“I’ll be taking that,” Sehn said. He walked over to the groaning Elf. Reaching down, he retrieved his shiny new prize. It would fetch quite a price on the market.
Calen grabbed his foot, and his eyes took on a pleading gleam. “You mustn’t. Please, I have already lost.
the blade of my father that now you sully. Taken by you, so too must it not be, that along with my honor has fled me my faith!”
Sehn reached into his pocket and revealed a small metal flask. Kneeling down, he displayed the contents to the fallen Calen.
“Do you see this? This is my care-cup. What can you tell me about my care-up?”
Calen paused before speaking. His eyes filled with confusion. “Well, I…must so it be said, on first appearance its contents would be naught.”
“That’s right. My care-cup is empty, sorry. I’m keeping your sword. Go suck on a roaming Cockalith.”
The Cockaliths were a terrible monster, despite their humorous name.
Calen’s eyes briefly widened in anger, then closed as he passed out. Sehn smiled and walked away with his new weapon, laughing as the woman ran to her lover’s aid.
Magic is so awesome.
Among Elves, only one in a thousand could use the Grace of the Light, or, Magic as Sehn called it. Magic was studied, examined, and preserved by those who could use it, but they were all fools. Magic was meant to be used for nothing other than party tricks and personal gain. Anyone who used it for anything else was an idiot. Sehn never understood all the worshipping of it the Elves did—worship was a waste of time. Also, Elven women loved magic.
Thinking of such, Sehn left the two to their business. He would traverse the forest and return to town. While he was very much in the mood to start fights and steal, he decided he would first return home and store away his new weapon.
He laughed. Magic was just so awesome.
Sehn wandered the city, looking for some way of abusing his magic. Elvar was a beautiful place, filled with giant, lush trees with dangling ropes to allow easy climbing. Homes were nestled into each layer, so that from the bottom to top there were windows, clotheslines, and tapestry.
The more wealth an Elf possessed, the higher in a tree he or she could live. Sehn had only one dream: he wished to be the richest being in the world and have many servants. And not just many servants, but an abundance of them, even some that served no purpose.
Sehn had spent many hours dreaming of what life would be like once he had obtained more power. People should get that which they deserved, or at least that’s what Sehn had always believed, and Sehn deserved nothing less than to have two Elf-maidens fan him during warm summer days while a third Elf-maiden fed him grapes.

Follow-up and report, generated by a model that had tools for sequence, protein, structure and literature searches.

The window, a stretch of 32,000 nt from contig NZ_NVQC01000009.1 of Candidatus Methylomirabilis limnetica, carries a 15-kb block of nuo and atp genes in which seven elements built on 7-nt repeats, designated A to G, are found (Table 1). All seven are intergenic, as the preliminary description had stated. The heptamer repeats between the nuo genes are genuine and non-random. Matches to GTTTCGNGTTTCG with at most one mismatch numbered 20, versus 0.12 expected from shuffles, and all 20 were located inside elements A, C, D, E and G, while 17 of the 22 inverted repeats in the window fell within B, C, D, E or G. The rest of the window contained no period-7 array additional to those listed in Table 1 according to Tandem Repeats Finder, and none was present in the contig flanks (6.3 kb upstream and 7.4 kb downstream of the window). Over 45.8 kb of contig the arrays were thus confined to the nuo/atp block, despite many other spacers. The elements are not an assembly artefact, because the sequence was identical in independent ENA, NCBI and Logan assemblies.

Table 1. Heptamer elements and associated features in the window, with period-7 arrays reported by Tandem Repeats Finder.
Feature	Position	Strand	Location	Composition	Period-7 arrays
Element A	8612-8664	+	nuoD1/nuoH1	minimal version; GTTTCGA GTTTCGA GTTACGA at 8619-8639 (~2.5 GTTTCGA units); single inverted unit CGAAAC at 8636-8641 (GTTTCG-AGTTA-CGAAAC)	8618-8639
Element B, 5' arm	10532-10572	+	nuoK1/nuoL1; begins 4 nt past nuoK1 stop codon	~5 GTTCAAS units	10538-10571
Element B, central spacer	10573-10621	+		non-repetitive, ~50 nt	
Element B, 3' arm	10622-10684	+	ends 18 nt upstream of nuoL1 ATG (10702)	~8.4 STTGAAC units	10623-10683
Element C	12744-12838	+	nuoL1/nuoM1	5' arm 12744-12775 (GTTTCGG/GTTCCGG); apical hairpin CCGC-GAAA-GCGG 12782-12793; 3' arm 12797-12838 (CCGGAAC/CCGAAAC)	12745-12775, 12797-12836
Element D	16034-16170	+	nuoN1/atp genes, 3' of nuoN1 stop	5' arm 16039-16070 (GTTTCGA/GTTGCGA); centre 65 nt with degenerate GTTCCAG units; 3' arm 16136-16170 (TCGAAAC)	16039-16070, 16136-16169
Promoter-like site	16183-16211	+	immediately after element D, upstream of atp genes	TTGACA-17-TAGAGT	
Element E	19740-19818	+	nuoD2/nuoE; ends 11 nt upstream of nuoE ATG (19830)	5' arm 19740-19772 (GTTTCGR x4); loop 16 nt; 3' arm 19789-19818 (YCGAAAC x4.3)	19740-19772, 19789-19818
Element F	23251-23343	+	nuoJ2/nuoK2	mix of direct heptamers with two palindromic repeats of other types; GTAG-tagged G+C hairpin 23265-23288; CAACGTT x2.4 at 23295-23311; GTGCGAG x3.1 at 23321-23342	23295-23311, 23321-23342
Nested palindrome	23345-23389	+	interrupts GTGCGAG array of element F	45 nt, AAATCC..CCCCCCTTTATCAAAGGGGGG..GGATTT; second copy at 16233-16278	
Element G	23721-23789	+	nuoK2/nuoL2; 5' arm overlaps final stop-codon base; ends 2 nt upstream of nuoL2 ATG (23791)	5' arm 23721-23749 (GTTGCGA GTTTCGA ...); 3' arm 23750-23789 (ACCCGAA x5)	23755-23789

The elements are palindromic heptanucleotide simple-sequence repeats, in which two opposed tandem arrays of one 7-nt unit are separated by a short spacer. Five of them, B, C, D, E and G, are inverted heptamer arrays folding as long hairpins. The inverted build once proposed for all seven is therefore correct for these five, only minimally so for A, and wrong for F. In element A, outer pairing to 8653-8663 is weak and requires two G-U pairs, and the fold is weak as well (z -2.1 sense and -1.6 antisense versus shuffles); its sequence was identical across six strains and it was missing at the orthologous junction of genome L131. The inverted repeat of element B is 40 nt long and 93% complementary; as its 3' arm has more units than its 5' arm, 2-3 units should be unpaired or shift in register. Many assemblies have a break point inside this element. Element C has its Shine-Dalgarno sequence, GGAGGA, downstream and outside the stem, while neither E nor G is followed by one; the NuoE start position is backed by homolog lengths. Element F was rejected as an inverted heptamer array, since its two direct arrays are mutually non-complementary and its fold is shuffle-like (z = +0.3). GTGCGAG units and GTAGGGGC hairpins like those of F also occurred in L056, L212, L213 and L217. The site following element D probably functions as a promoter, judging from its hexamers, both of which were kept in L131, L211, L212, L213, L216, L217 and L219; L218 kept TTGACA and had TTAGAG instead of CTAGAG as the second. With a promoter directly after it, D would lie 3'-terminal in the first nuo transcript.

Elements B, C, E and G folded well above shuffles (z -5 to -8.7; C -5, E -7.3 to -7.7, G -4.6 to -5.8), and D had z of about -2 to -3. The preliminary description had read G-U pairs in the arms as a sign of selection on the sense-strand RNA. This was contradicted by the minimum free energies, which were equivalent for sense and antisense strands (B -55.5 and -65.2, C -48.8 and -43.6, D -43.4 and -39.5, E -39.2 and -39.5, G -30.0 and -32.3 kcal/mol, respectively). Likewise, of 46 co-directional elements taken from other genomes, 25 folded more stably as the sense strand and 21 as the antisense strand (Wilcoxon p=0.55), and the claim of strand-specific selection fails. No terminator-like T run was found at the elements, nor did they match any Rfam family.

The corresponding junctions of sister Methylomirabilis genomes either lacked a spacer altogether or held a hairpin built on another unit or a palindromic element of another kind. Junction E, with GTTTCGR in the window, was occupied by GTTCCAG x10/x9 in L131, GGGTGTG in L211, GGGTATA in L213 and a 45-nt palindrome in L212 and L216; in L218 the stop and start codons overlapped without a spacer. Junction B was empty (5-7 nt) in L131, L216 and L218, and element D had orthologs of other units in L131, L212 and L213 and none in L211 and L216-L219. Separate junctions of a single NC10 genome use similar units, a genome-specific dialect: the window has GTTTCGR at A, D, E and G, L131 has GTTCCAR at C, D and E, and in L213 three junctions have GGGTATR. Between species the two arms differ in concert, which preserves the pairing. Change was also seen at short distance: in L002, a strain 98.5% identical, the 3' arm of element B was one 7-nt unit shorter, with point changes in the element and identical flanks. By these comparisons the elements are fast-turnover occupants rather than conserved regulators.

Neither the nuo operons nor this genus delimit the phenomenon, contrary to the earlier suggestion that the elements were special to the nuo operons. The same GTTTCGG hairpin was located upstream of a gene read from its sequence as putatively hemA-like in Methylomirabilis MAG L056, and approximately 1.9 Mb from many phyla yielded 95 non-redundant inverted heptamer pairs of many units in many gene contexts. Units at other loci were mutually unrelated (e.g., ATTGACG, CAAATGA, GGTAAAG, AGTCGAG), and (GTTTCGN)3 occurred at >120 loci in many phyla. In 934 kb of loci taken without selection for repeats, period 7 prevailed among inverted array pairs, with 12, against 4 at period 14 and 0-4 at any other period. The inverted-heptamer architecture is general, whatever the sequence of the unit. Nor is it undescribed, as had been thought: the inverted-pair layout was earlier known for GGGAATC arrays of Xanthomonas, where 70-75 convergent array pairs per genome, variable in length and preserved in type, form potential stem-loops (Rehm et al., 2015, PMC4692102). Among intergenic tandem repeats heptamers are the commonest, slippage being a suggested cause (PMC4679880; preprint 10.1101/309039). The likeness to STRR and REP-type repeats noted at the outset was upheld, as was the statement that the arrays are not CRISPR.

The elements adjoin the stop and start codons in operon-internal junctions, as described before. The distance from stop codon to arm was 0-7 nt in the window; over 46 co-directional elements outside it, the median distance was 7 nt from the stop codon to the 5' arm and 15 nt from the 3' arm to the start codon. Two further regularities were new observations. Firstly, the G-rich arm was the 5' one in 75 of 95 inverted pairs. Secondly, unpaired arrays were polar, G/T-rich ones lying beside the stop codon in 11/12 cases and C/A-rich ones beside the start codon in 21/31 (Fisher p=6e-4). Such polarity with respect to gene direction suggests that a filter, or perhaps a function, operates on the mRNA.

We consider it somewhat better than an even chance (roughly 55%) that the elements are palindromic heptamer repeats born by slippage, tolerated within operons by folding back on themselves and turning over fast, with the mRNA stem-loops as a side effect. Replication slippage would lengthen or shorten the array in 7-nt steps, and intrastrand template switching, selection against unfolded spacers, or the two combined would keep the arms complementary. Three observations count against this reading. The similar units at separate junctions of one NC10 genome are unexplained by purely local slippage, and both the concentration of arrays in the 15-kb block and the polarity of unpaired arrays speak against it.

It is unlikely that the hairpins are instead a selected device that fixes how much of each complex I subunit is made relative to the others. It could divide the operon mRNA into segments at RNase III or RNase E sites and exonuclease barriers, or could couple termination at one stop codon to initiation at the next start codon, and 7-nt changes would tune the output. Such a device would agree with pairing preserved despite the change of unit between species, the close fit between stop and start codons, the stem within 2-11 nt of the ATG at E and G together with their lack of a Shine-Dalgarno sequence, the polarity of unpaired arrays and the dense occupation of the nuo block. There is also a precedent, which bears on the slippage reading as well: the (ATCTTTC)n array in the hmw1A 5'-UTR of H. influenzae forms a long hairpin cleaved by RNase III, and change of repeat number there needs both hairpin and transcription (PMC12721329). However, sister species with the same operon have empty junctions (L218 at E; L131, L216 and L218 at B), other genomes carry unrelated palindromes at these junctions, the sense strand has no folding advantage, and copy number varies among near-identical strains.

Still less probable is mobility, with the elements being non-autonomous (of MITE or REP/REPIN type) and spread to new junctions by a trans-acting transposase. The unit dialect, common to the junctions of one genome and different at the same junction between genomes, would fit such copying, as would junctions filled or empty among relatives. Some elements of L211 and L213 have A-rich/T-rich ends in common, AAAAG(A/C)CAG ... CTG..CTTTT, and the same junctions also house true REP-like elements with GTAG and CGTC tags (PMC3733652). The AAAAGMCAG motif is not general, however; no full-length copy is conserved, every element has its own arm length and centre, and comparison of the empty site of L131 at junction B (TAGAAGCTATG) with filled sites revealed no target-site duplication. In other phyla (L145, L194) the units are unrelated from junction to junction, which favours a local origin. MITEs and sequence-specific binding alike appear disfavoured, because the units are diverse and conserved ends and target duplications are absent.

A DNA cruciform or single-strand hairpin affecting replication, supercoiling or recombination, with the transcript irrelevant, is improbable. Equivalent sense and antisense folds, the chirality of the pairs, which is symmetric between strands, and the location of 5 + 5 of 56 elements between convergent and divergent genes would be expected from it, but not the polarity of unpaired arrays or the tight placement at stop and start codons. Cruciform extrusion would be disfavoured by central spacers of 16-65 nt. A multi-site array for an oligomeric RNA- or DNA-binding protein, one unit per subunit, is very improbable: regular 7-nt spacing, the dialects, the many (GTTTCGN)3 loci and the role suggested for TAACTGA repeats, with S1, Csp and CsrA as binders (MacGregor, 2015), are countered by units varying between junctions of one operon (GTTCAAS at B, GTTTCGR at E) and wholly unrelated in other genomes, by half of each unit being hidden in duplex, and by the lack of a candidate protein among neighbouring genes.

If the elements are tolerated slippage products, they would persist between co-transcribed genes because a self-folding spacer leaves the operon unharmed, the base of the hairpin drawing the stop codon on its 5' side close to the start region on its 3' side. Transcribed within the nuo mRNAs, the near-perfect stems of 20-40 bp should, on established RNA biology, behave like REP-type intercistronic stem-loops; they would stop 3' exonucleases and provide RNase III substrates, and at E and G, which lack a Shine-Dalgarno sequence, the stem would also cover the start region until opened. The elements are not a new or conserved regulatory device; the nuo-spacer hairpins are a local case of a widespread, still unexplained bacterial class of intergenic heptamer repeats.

He wanted a servant that would rinse his bum after bowel movements and another to dry it. He would not settle for just one or the other, and why should he? He deserved both. Anything less was both unreasonable and uncalled for.
Sehn halted when he heard the sound of someone calling his Godly name behind him.
It was a boy’s voice.
Not him again.
“Yo! Sehn, I’ve been looking everywhere for ya.”
Sehn frowned as a little Elf, who beamed with delight, came running over to him. He had only been through seven naming days. He still had puffy cheeks and a round, smooth face. His ears were not yet pointed, and his smile was bright and vivid with the color of youth.
“Eh? What do you want, Nero?”
“Let’s go do some fun stuff, Sehn,” Nero said. “I stole a whole bunch of Moon-Crackers from the shop on Oakley. Do you want some?”
Every day Sehn tried to pick on the kid, but for some reason he simply couldn’t. He had no idea why he never tortured the boy; it went beyond his own understanding. Nero was the only one in the city who not only showed Sehn no fear, but also tried to follow him everywhere he went.
“Shouldn’t you be speaking proper Elven?” Sehn asked. “You’re starting to sound like me.”
Nero shrugged. “Doth thou question my motives, Sehn, first son of Suhn, heir to Chief-Elvar?”
Sehn grunted. “Point made.”
“So, anyway,” Nero began, “I was thinking we could go exploring the Death Woods to the south. I really wanna know what’s in there.”
“You know why they call it the Death Woods, yes, Nero?”
Nero beamed with curiosity, his small ears flapping with wonder. “No, tell me!”
“Because when you go there you
Now, stop being stupid and run back home. I’ve no time for brats. There’s money and fortunes to be made.”
Sehn couldn’t afford to waste any more time with the boy. His Human friends were coming over from Man-
, the capital city of the Humans…or at least that’s what Sehn called it. He never bothered to learn the name, because Sehn felt learning was for suckers. The Great Sehn learns nothing! If he didn’t know something, it needed to change to meet his perception.
Sehn made his way through the vast expanse of Elvar, through massive oak trees with holes cut in the middle and water flowing through them. Everywhere he looked, he saw the signs of his wondrous civilization. Ropes lined every tree on every level, creating something resembling a giant net. People crossed from every height, going about their day’s work. Some held baskets, while others held water jugs, but all were shuffling back and forth in their daily chores.